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The Adaptive Organization (for Forbes)

Submitted by on October 26, 2010 – 10:51 pmNo Comment
Image representing Ray Ozzie as depicted in Cr...
Image via CrunchBase

Ray Ozzie, the visionary behind Lotus notes and the departing Chief Software Architect at Microsoft posted an open memo this week.   I highly recommend reading the whole thing.  There are two quotes that I found of particular interest and I will dedicate a post to each one separately to keep things focused.

In this first section he reflects on the past 5-years of disruption that has remade much of the world we live in and some of the challenges he sees coming.

…in the past five years so much has happened that we’ve grown already to take many of these changes for granted: Ubiquitous internet access over wired, WiFi and 3G/4G networks; many now even take for granted that LTE and ‘whitespace’ will be broadly delivered.

We’ve seen our boxy devices based on ‘system boards’ morph into sleek elegantly-designed devices based on transformational ‘systems on a chip’. We’ve seen bulky CRT monitors replaced by impossibly thin touch screens.

We’ve seen business processes and entire organizations transformed by the zero-friction nature of the internet; the walls between producer and consumer having now vanished. Substantial business ecosystems have collapsed as many classic aggregation & distribution mechanisms no longer make sense.Organizations worldwide, in every industry, are now stepping back and re-thinking the basics; questioning their most fundamental structural tenets. Doing so is necessary for their long-term growth and survival.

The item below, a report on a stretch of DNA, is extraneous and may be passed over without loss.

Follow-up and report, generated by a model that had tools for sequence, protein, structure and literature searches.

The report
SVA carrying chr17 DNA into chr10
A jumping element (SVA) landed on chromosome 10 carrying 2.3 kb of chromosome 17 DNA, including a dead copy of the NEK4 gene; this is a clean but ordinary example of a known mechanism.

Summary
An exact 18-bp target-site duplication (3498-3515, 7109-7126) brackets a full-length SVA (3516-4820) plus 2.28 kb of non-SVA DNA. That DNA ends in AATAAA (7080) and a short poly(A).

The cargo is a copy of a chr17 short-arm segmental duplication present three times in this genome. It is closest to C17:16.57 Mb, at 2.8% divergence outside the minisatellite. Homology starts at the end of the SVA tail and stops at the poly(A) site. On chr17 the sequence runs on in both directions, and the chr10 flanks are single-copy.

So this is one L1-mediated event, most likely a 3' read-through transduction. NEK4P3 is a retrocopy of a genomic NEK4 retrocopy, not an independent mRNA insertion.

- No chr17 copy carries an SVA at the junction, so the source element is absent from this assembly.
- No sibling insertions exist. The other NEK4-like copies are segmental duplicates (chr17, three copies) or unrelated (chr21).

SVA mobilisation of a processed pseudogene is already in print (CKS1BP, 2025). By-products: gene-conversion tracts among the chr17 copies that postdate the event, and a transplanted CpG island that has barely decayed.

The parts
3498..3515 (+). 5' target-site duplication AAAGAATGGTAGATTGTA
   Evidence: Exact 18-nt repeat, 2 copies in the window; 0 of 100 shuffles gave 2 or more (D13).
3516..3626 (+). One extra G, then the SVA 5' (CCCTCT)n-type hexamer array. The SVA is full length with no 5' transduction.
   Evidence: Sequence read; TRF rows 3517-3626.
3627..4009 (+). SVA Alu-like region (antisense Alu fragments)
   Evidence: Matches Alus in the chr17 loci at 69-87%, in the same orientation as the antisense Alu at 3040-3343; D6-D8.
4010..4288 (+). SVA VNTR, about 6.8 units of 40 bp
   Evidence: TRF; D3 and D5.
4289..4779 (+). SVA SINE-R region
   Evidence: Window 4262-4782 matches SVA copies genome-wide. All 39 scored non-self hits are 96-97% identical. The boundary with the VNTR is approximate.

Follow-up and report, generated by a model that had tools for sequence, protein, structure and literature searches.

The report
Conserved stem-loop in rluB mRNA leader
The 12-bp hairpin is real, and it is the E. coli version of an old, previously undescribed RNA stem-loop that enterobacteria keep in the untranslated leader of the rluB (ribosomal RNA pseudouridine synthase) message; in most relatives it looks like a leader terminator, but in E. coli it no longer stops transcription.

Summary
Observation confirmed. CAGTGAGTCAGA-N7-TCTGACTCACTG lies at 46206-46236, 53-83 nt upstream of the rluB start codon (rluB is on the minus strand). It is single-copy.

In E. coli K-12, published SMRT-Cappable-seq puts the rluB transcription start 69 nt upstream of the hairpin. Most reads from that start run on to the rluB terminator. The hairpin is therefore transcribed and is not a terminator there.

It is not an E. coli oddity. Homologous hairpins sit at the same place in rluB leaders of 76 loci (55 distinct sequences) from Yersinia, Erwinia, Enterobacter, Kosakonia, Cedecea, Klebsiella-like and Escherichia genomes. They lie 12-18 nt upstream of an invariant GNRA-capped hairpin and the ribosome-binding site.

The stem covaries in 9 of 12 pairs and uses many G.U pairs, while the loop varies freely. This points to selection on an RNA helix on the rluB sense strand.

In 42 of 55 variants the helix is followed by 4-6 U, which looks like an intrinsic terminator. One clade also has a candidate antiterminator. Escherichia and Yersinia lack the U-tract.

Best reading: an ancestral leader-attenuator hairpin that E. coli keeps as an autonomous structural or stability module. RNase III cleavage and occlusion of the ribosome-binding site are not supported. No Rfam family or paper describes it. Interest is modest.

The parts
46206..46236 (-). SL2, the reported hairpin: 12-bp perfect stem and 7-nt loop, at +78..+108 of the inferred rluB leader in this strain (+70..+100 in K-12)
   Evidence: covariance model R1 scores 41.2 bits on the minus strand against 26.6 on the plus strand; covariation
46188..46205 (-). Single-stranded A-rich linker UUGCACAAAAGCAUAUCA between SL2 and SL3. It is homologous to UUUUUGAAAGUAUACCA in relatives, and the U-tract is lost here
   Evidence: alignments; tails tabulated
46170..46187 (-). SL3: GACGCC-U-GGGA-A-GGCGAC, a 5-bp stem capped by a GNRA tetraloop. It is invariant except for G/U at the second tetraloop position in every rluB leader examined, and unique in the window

As end-consumers of these changes it is easy to remain inconsiderate of how transformational these developments are.   However in business, emerging technologies and the customer expectations that they have created represent tectonic shifts in how business must respond and reorganize.

And as the pace of connectivity and access points (mobile, tablets, connected devices) increase so will the rate of change.  In this environment the only ones who will thrive are those capable of rapid, continuous adaptation at an organizational level.  This is not a strategy – but a cultural trait.   The adaptive organization is one with a workforce capable of (1) surfacing leadership from all levels of as inputs to decision-making, (2) amplifying weak signals from the points at which the organization meets the outside world (sales, customer service and even further beyond into customer led innovation etc.).  (3) matching the pace of information flow inside the organization with what is occurring outside and (4) developing rapid feedback mechanisms with which to assess the impact of (5) making a distributed set of bets.   In this way, optimization of small strategies will often win over the “big bet.”

Technology is the superstructure upon which all business is now reliant – Every business process and every function is mediated through electronic technology: from communications (telephone, email, electronic documents) to finance, resource planning and supply chain.

In this regard business must coevolve at the rate of technological change in order to remain competitive.    This is not the same as saying successful organizations must maintain cutting edge technology – but that they must foster cultures that are capable of shifting and changing with the requirements of the business environments they find themselves in.   As Technology comes to resemble organic processes and evolve at a quickening rate so must our own organizations.

Quote via Dawn of a New Day « Ray Ozzie.

This article originally appeared on Forbes.com

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